Most businesses do not have to pay income taxes on the corporate level. Instead the profits from their business flows through (or passes through) to the owners of the company where it is eventually taxed.
Types of Pass Through Businesses
- Sole Proprietor
- Single Member LLC
- S Corporation
An example of a non pass through entity would be a C Corporation. In a C Corporation the company pays taxes on the profit of the business at the corporate level.
Basic Concept: If you have a pass through entity you have income and expenses related to the business that are reported on the business tax return (Schedule C, 1065, 1120S). The profit from those businesses are then reported on a personal return where the taxes are paid.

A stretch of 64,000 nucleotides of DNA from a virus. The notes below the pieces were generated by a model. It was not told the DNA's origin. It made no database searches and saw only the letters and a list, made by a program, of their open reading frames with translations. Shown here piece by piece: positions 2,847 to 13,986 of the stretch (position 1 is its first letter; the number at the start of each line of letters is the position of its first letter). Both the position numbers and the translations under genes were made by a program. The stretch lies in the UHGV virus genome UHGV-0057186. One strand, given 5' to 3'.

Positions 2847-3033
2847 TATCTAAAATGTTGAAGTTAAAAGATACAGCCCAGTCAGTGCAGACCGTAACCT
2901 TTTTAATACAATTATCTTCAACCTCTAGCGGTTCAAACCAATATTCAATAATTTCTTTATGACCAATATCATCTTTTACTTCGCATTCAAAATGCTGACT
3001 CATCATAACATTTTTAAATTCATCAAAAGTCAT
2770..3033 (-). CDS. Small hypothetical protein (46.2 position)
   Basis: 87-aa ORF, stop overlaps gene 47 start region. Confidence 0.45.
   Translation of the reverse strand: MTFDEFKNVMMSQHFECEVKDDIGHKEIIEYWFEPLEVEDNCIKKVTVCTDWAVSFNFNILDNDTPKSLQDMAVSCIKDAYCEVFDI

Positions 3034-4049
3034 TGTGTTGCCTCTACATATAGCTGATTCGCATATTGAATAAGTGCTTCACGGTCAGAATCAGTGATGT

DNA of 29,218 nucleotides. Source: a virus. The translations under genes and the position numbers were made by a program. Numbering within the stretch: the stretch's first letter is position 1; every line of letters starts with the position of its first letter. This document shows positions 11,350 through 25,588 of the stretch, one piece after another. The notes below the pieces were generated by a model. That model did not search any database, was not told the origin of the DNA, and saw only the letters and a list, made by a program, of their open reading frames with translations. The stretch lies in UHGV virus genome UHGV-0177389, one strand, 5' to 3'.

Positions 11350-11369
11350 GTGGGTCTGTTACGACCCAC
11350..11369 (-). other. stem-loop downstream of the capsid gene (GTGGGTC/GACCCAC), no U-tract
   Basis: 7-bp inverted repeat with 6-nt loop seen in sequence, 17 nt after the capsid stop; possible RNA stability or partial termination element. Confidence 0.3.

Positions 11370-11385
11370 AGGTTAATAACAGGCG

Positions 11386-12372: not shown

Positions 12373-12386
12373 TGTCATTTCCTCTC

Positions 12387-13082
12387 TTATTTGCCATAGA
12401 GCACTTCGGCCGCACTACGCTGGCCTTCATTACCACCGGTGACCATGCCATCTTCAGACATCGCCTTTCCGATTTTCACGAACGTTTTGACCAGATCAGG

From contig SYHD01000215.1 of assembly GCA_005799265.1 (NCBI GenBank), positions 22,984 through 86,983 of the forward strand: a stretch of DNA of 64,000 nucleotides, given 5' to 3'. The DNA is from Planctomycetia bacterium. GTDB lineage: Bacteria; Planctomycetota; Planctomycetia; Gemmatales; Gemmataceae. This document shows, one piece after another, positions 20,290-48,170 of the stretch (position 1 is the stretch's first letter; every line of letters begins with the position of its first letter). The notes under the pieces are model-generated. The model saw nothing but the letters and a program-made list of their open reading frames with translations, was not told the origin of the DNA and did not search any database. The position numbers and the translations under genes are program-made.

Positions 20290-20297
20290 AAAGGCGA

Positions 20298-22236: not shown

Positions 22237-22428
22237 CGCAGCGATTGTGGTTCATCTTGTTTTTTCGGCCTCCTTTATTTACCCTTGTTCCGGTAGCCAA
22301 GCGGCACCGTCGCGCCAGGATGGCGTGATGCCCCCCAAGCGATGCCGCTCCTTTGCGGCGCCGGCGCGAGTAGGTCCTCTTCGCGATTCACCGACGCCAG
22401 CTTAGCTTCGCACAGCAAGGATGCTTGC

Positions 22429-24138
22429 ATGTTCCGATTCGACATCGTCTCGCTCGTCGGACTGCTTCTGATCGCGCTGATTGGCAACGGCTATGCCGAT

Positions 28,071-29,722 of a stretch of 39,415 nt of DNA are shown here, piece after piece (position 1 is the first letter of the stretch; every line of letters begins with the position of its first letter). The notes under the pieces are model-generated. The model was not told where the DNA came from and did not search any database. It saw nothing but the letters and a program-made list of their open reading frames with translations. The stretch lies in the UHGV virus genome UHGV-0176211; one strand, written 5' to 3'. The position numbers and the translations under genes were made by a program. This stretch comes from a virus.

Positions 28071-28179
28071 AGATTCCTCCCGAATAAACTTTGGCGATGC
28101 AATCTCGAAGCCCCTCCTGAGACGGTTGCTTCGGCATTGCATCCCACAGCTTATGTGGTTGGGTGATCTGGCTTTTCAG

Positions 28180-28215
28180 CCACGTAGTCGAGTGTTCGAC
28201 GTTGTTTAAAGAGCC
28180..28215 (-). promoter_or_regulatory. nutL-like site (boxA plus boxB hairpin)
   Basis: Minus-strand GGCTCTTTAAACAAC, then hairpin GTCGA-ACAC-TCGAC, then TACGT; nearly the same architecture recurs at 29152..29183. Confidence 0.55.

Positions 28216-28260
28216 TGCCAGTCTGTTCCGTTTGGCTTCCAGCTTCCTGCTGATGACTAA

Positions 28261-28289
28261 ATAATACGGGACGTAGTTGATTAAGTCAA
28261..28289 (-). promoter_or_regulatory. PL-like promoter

Here is the tax treatment for the various entity types:
Sole Proprietorship or Single Member LLC
File business information on a Schedule C on a personal tax return (Form 1040).
Partnership or Multi Member LLC
File business information on Form 1065 and then each partner will receive a K1 with their share of activity which will be used to report and pay taxes on the business activity on a personal tax return (Form 1040).
File business information on Form 1120S and then each owner will receive a K1 with their share of activity which will be used to report and pay taxes on the business activity on a personal tax return (Form 1040).
C Corporation (Not Pass Through Entity)
File business information on Form 1120 and then pay taxes at the corporate level.
Now you know what a pass-through entity is. Majority of small business owners in the US operate using a pass-through entity.
Check out our episode on the Small Business Tax Savings Podcast for more on this topic!